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Wind farms to power up North’s economy (08/04)

By IAN ROSS Northern Ontario Business Investors are waiting in the wings to dive into Ontario’s green energy market and potentially the province’s first wind farm on Manitoulin Island.


Northern Ontario Business

Investors are waiting in the wings to dive into Ontario’s green energy market and potentially the province’s first wind farm on Manitoulin Island.

Gore Bay businessman Rick Gagnon says the sheer volume of proposals from the private sector that responded to the province’s invitation for new sources of renewable power - worth an estimated 4,400 megawatts of potential energy - is proof positive that “there is a huge interest in green energy, specifically wind.”

“The investors are ready to invest in Ontario,” says Gagnon, one of the partners in a development consortium with Toronto’s Northland Power Inc.,

aiming to have a wind farm operational on Manitoulin Island by the fall of 2005.

As a principal in REpower Wind Corp., Gagnon’s company hopes to supply Northland Power Inc. with wind turbines for the $97-million project, billed as one of the most advanced wind farm projects in Ontario.

Northland’s McLean’s Mountain proposal near Little Current is one of 90 projects that came forward during the spring, in the province’s invitation to find 300 megawatts of new renewable power. Renewables include wind, solar, gas from landfill or compost (biogas) and some forms of water power. Companies that want to produce renewables must now formally submit bids through a Request for Proposals (RFP) process by Aug. 25. The

winning proposals will be selected by year’s end.

“Aug. 25 is going to be a big day for us,” says Gagnon of his two-year-old Sudbury company, a joint German-Canadian venture which has plans to manufacture and distribute wind turbines for the North American market.

Proposals will be chosen starting with the lowest price per megawatt-hour and the winning bidders will negotiate 15-year contracts with the new Ontario Power Authority.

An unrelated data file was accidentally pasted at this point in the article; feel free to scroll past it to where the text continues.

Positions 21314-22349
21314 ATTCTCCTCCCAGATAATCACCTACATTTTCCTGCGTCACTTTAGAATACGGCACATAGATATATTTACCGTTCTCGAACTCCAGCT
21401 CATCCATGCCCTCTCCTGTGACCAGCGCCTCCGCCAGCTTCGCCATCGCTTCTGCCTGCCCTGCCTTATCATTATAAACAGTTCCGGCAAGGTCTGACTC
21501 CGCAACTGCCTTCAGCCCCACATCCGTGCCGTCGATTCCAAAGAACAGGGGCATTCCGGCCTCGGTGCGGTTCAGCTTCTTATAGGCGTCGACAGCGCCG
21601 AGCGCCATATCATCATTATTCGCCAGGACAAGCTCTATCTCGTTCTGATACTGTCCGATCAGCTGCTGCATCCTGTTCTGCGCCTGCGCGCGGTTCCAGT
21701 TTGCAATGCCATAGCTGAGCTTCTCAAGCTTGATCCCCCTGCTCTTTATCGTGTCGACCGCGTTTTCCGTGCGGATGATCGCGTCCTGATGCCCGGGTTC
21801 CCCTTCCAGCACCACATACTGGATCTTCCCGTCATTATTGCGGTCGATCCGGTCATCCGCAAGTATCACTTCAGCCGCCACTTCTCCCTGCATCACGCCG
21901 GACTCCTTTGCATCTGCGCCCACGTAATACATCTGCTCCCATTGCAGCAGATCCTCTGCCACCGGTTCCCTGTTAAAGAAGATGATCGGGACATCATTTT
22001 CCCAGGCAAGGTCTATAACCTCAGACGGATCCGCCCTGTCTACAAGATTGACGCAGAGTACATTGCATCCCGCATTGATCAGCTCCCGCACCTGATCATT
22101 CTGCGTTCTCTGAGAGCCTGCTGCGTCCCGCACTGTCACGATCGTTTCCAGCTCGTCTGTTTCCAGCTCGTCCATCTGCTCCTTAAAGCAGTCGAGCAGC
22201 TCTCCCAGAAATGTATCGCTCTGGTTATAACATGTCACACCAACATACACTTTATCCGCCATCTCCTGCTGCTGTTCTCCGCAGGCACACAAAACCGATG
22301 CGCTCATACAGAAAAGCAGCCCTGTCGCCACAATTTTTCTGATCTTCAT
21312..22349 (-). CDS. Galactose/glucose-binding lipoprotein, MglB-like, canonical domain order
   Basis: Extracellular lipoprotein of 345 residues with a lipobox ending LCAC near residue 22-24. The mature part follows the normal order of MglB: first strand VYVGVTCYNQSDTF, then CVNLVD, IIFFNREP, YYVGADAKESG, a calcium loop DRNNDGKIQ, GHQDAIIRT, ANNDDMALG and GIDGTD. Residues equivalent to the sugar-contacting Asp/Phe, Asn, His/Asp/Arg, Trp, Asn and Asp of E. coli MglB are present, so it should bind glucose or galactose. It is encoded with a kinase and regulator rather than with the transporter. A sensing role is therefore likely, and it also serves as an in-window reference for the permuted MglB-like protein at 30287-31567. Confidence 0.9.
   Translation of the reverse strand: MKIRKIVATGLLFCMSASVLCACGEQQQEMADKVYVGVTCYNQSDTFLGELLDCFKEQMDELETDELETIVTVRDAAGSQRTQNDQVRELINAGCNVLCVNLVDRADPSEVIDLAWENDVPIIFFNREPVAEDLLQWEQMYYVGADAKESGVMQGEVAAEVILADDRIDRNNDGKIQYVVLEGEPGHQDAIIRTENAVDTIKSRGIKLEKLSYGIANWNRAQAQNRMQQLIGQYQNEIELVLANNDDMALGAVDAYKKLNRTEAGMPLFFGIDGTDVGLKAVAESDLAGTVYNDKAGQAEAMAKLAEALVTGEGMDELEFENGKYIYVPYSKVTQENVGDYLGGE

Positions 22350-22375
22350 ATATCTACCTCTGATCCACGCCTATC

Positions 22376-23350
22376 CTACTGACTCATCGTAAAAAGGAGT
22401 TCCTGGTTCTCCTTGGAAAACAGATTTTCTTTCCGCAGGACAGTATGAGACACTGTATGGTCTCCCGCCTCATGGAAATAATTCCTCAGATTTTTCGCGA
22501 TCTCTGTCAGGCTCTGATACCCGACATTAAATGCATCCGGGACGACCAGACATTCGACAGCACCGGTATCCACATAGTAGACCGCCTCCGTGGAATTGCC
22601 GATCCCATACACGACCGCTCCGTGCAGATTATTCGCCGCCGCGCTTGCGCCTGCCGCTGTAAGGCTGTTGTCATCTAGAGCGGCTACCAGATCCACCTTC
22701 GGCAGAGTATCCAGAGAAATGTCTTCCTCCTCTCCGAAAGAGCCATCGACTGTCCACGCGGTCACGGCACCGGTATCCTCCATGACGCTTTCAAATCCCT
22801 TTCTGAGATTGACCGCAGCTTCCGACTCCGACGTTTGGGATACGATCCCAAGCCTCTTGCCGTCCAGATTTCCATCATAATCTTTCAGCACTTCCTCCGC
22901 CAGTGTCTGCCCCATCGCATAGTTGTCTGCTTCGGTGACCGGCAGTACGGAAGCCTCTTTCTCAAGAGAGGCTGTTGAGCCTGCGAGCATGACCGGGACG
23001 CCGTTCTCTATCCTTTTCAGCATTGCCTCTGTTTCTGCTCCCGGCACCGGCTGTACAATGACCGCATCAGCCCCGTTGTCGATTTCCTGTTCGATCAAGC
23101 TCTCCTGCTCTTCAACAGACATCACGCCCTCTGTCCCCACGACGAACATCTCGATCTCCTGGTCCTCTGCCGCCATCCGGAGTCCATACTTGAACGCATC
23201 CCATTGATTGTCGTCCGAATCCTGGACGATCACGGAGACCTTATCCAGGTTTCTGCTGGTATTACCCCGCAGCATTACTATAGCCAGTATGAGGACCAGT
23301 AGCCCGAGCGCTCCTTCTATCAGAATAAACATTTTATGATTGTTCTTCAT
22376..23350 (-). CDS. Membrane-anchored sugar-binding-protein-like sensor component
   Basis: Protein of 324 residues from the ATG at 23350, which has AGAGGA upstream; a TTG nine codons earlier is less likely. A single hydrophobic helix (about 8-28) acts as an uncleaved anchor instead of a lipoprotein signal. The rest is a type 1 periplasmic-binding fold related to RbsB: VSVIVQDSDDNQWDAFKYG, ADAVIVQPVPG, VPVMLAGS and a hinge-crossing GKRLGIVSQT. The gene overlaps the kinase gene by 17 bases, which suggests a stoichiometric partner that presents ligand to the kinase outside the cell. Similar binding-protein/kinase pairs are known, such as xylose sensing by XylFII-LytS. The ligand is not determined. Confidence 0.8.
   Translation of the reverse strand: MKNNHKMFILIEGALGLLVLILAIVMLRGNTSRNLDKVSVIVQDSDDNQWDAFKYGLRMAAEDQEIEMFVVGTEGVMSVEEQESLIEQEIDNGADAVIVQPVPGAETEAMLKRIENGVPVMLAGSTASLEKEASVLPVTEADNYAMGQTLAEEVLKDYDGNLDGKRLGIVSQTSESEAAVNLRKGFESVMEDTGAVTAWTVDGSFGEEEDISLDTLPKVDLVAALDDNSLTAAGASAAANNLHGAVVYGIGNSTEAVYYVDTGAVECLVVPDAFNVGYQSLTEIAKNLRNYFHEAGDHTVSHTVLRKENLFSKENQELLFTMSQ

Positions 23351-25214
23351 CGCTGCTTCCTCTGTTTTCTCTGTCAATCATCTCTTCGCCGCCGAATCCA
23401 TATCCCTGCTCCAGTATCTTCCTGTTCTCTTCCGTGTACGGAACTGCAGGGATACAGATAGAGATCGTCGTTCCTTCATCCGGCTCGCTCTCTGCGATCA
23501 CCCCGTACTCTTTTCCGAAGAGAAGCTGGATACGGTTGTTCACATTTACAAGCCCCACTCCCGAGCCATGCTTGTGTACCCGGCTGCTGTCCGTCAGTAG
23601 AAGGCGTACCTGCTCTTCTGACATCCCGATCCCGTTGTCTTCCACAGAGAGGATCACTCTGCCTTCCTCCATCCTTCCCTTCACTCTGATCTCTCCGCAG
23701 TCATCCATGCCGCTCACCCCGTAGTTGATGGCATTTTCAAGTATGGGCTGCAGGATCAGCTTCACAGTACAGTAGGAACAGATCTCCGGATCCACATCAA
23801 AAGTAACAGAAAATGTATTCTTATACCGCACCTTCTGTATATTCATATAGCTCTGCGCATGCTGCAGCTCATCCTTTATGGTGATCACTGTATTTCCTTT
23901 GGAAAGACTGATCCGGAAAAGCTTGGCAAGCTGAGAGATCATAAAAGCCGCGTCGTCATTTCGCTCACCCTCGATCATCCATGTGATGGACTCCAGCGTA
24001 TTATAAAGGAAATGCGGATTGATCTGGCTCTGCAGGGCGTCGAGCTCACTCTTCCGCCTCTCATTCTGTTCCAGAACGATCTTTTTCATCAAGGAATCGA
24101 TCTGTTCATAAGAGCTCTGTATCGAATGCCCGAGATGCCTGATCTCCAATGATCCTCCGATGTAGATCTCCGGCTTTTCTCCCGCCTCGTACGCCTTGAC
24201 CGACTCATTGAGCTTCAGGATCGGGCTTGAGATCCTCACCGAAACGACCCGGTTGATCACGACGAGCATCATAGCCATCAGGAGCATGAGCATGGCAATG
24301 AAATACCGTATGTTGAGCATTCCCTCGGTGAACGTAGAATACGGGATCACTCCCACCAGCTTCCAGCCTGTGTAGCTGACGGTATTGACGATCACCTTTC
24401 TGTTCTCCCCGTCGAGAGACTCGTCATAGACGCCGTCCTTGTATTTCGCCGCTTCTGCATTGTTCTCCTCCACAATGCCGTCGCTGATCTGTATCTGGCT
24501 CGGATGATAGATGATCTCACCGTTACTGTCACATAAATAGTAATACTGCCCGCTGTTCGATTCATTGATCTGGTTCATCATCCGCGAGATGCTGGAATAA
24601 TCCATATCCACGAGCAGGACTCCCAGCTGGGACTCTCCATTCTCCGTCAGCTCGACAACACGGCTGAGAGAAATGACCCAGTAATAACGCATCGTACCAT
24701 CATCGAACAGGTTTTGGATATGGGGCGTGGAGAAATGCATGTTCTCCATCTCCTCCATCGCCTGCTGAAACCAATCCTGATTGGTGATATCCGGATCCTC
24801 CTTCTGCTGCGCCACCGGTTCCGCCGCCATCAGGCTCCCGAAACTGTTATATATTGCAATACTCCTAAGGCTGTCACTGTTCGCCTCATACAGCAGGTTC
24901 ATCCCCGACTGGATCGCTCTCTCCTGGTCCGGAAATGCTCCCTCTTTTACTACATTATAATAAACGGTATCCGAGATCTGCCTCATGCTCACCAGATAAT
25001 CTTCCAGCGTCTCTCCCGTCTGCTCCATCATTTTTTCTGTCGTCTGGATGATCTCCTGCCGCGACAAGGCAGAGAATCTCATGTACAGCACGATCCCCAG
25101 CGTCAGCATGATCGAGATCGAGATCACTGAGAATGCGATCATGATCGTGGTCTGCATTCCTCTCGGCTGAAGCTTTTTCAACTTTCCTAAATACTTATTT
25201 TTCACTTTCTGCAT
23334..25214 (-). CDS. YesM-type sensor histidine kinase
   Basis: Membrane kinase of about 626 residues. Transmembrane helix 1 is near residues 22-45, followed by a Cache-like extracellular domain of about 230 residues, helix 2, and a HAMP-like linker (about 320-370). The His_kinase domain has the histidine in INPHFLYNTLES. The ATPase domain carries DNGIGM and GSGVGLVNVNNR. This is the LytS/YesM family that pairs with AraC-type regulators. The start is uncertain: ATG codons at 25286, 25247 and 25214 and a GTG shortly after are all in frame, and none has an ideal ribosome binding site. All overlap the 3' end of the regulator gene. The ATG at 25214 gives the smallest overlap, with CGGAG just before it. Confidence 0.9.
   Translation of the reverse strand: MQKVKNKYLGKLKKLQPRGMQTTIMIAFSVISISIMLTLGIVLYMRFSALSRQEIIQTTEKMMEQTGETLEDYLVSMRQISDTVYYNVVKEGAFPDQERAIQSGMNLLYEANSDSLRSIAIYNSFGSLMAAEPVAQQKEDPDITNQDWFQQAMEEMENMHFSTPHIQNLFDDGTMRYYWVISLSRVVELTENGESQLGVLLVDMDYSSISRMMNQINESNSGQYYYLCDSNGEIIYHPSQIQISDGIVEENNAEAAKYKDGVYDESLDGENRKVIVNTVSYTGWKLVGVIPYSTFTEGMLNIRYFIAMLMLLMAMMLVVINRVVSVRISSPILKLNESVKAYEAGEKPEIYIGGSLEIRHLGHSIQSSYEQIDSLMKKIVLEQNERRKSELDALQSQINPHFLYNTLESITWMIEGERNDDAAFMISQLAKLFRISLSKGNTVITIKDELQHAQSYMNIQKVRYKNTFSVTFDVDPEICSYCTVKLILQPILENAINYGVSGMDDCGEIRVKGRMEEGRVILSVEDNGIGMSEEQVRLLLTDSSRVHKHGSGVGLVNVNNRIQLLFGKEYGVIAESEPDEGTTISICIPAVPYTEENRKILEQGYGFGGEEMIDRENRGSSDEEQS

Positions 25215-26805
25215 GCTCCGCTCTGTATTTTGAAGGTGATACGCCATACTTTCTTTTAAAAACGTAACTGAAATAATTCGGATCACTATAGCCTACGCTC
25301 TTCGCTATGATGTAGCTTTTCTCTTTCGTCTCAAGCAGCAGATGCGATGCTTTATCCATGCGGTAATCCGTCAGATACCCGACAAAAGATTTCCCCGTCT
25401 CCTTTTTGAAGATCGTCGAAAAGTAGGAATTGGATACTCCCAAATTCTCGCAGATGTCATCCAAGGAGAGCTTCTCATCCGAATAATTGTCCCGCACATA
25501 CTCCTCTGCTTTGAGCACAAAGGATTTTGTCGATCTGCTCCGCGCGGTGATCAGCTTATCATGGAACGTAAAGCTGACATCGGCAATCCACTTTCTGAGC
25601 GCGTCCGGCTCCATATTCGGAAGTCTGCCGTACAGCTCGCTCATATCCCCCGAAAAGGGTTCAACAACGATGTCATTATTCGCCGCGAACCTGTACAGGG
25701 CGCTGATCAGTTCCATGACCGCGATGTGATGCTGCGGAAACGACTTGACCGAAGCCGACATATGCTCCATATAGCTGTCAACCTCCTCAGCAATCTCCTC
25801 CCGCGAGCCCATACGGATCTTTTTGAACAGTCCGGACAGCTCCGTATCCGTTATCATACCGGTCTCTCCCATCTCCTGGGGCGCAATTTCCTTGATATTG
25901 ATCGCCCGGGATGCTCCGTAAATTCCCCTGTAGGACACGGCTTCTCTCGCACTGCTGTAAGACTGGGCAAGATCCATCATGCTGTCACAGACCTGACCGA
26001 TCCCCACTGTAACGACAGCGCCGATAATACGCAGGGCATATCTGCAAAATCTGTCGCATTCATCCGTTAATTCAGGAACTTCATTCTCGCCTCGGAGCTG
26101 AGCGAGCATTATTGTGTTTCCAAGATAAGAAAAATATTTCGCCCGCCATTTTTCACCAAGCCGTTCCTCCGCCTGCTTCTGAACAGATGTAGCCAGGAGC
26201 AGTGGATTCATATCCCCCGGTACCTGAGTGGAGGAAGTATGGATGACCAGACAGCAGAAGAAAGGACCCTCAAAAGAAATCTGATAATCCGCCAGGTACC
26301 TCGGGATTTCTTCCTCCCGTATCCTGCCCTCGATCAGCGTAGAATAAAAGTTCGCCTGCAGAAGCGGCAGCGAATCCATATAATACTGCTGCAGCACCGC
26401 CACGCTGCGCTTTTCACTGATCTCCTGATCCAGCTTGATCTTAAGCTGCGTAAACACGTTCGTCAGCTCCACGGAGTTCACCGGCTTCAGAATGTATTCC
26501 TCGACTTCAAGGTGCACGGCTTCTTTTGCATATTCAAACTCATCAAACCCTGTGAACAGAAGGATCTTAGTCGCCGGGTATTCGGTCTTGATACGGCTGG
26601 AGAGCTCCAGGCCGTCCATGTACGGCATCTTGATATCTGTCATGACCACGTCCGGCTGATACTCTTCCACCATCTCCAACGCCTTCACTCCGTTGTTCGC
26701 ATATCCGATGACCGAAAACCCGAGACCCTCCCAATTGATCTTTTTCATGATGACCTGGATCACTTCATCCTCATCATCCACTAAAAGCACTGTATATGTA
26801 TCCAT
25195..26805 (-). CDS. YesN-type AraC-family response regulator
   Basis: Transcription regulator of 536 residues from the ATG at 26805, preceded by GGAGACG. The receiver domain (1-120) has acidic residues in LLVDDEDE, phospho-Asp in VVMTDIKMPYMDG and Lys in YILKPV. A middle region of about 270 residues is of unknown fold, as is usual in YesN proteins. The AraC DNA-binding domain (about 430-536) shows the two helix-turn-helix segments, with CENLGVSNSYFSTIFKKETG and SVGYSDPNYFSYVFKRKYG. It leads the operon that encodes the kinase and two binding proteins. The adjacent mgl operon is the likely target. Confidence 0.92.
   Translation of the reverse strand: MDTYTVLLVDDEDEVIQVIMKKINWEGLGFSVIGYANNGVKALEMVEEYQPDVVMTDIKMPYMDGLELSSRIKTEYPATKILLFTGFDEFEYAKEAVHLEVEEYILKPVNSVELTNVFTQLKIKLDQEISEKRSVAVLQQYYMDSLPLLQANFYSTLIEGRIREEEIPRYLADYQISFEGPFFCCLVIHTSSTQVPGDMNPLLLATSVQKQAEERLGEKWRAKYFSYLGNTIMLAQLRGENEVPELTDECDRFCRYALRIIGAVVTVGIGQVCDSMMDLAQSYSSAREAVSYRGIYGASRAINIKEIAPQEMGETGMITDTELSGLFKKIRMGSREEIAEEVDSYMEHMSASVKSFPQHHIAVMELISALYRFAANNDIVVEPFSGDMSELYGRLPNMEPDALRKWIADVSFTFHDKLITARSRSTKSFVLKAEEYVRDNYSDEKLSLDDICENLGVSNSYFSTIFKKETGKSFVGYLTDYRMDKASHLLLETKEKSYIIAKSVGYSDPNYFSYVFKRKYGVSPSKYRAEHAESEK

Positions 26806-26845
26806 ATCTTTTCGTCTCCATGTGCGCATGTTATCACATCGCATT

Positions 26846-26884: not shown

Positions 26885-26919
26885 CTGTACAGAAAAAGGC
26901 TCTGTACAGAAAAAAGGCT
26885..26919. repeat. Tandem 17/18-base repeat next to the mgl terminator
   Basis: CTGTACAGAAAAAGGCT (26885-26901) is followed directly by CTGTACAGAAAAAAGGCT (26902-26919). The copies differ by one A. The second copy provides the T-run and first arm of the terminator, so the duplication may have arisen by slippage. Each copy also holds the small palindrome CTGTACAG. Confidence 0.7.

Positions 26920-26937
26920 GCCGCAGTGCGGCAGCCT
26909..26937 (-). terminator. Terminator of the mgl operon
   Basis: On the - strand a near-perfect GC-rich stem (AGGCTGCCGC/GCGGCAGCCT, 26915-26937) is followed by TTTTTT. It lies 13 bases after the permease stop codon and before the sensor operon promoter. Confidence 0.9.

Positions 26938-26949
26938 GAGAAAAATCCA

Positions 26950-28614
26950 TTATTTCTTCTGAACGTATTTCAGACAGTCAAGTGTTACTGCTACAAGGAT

Though Gagnon says REpower is working on several green-power possibilities in Alberta and other provinces, McLean’s Mountain represents a “top priority” project towards establishing a permanent manufacturing presence in Sudbury.

He says Ontario’s wind industry is “coming alive” and his company has attracted considerable interest from private and business investors wanting to finance many of his green energy projects. As well, he has been hearing from industrial players looking at alternative energy to supply power

directly for manufacturing.

“Even leasing companies have contacted us, interested in leasing the machines for different developments.

The overwhelming RFP response has initiated a second round of Request for Qualifications from the province, now seeking up to 2,500 megawatts of new ‘clean’ generation capacity (not burning coal or oil as a primary fuel), including co-generation, to be operating as early as 2005.

The Liberals are scrambling to make good on their campaign promise to eliminate all coal-fired generation by 2007 and replace the plants with cleaner sources of energy or conservation measures.

In late June, Little Current residents were given an early peek at Northland’s preliminary plans for the 54-megawatt McLean’s Mountain Wind Farm, stretched out over a 2,000-acre parcel of cattle pasture about five kilometres south of the town.

Project planners say the wind farm could consist of between 26 and 36 wind towers up to 80 metres in height and producing 140,000 megawatt hours of electricity. The final layout and the number of towers will be tabled sometime this summer.

The project would supply power for the equivalent of about 14,000 homes, that Northland says would be consumed by Manitoulin Island residents first, before the excess is dumped into the provincial power grid.

According to Northland’s project timelines, public consultation will last until September while the company submits their proposal to Ontario’s RFP. The company hopes to sign a long-term purchase power agreement with the province in January and expects to enter a permit approval stage early in 2005. Federal and provincial environmental assessments will likely take place from October to January.

With project financing in place by March, construction would begin shortly afterwards, with commissioning, testing and full operation beginning by September 2005.

Jonathan Sandler, Northland’s director of business development, says the project has drawn considerable local interest and believes it meshes well with the island’s environmentally conscious residents from an ecotourism perspective.

Sandler says the project will not only benefit the community in tax revenues, but also offer construction jobs for local firms and skilled labour, and create about a half a dozen full-time equivalent jobs once the wind farm is operational. It should also alleviate chronic area blackout problems by

ensuring a local power source, he adds.

Earlier this spring, the City of Greater Sudbury backed out of the McLean’s Mountain project, opting instead to continue gathering data for a wind farm project within the city’s limits. Northland continues to work with Sudbury on a more localized wind farm and other alternative energy concepts.

Sandler says Northland has held discussions with Energy Ottawa, a subsidiary of Hydro Ottawa, as a potential partner for Manitoulin, but only maintains a “relationship with them” and no partnership agreements have been finalized as of late June. Discussions have also been held with the Town of Northeastern Manitoulin and the Islands to come aboard as a project partner.